PACRO to Seek New Administrator, Director

Jul 2, 2013

With one-thousand United State's Enrichment Corporation employees soon to lose their jobs,the organization that seeks to limit the negative impact of the plant's closure has an uncertain future of its own. 

USEC is in the shutdown process at Paducah's Gaseous Diffusion Plant after failing to reach a new lease agreement with the Department Engergy which owns the plant.  

The government created the Paducah-Area Community Reuse Organization or PACRO to prepare the region for a plant shutdown and related economic impact.

The Purchase Area Development District is ending administrative services for an organization designed to ease the economic impact of the Paducah Gaseous Diffusion Plant's shutdown. The United States Enrichment Corporation ended its 1,000-employee operation at the Paducah plant in May. 

PADD officials say, in press release,  they've ended their services with  the Paducah-Area Reuse Organization because its mission will likely change.

USEC Continuing Shutdown

Jun 19, 2013
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  The United State Enrichment Corporation is at work shutting down its operations at Paducah’s Gaseous Diffusion Plant. The shutdown comes after losing a federal contract to continue uranium enrichment operations at the Department of Energy owned site.

The Paducah Area Community Reuse Organization or PACRO is working with union and economic development officials to garner support for soon to be unemployed workers at the Paducah Gaseous Diffusion Plant. USEC announced last week it won't continue it's enriching process at the Department of Energy owned site. 

Purchase Area Development District Special Projects Coordinator Mary-Anne Medlock said workers will soon receive a survey to help understand the plant's demographics to aid in an seeking an emergency grant from the Department of Labor.


The United States Enrichment Corporation’s shutdown at the Paducah Gaseous Diffusion Plant will not affect the Tennessee Valley Authority’s Shawnee Fossil Plant near Paducah.

TVA Spokesman Scott Brooks said that Shawnee, like all of TVA’s fossil plants, provides power to the general grid and characterizes USEC’s closing as the loss of one customer.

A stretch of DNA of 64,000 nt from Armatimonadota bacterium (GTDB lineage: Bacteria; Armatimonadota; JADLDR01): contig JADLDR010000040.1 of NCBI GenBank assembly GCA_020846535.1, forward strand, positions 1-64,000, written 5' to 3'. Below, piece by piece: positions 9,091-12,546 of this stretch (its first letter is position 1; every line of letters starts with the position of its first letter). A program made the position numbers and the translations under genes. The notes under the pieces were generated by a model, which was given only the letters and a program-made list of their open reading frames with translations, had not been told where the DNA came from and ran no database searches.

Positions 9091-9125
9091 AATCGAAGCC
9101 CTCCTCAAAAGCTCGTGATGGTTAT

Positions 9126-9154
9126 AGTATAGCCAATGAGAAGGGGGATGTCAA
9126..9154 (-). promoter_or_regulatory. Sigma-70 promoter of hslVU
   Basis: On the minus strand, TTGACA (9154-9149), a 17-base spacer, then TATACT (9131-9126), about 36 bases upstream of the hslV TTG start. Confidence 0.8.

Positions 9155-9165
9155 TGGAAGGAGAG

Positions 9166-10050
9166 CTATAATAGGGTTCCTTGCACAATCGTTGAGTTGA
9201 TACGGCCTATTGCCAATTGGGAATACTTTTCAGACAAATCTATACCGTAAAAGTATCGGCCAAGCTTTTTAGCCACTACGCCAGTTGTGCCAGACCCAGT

The United State's Enrichment Corporation is ending uranium enrichment at the Paducah Gaseous Diffusion Plant saying that there were not enough taxpayer benefits to extend enrichment.

USEC has operated the DOE's Paducah Gaseous Diffusion plant since July 1993 and will stop enriching uranium at the end of May. USEC expects to begin reducing the plant’s workforce in the coming months. However, the corporation plans to continue managing inventory and meeting customer orders in addition to transitioning the plant back to the DOE into 2014.

LATA Environmental Services of Kentucky is suspending planned layoffs of up to 145 workers for 30 days.

The suspension of layoffs, originally set to begin June 3, comes after the Department of Energy has submitted a reprogramming request to Congress. The request could result in more federal funding for LATA, and a restructuring or reduction of the planned layoffs.

Members of the Kentucky Congressional delegation are giving Department of Energy leaders until June 14th to develop a long-term plan for the future of the Paducah Gaseous Diffusion Plant.

One of the agencies contracted to clean up the Paducah Gaseous Diffusion Plant is donating used computer equipment to a local technical school.

DUF6, a uranium cleanup project of Babcock and Wilcox Conversion Services, transferred 223 computers and printers to the Fulton County Area Technical Center in Hickman late last month.

Principal Tom Pyron said the center, which provides technology and trade education for area high school students, was under budget pressure that the donation relieves.

The company contracted for clean-up at the Paducah Gaseous Diffusion Plant has notified employees of impending layoffs of up to 145 workers.

LATA Environmental Services of Kentucky currently employs 320 people at the Paducah site. The cuts come from the federal sequester and a lack of funding from the Department of Energy, which contracted LATA for the clean-up.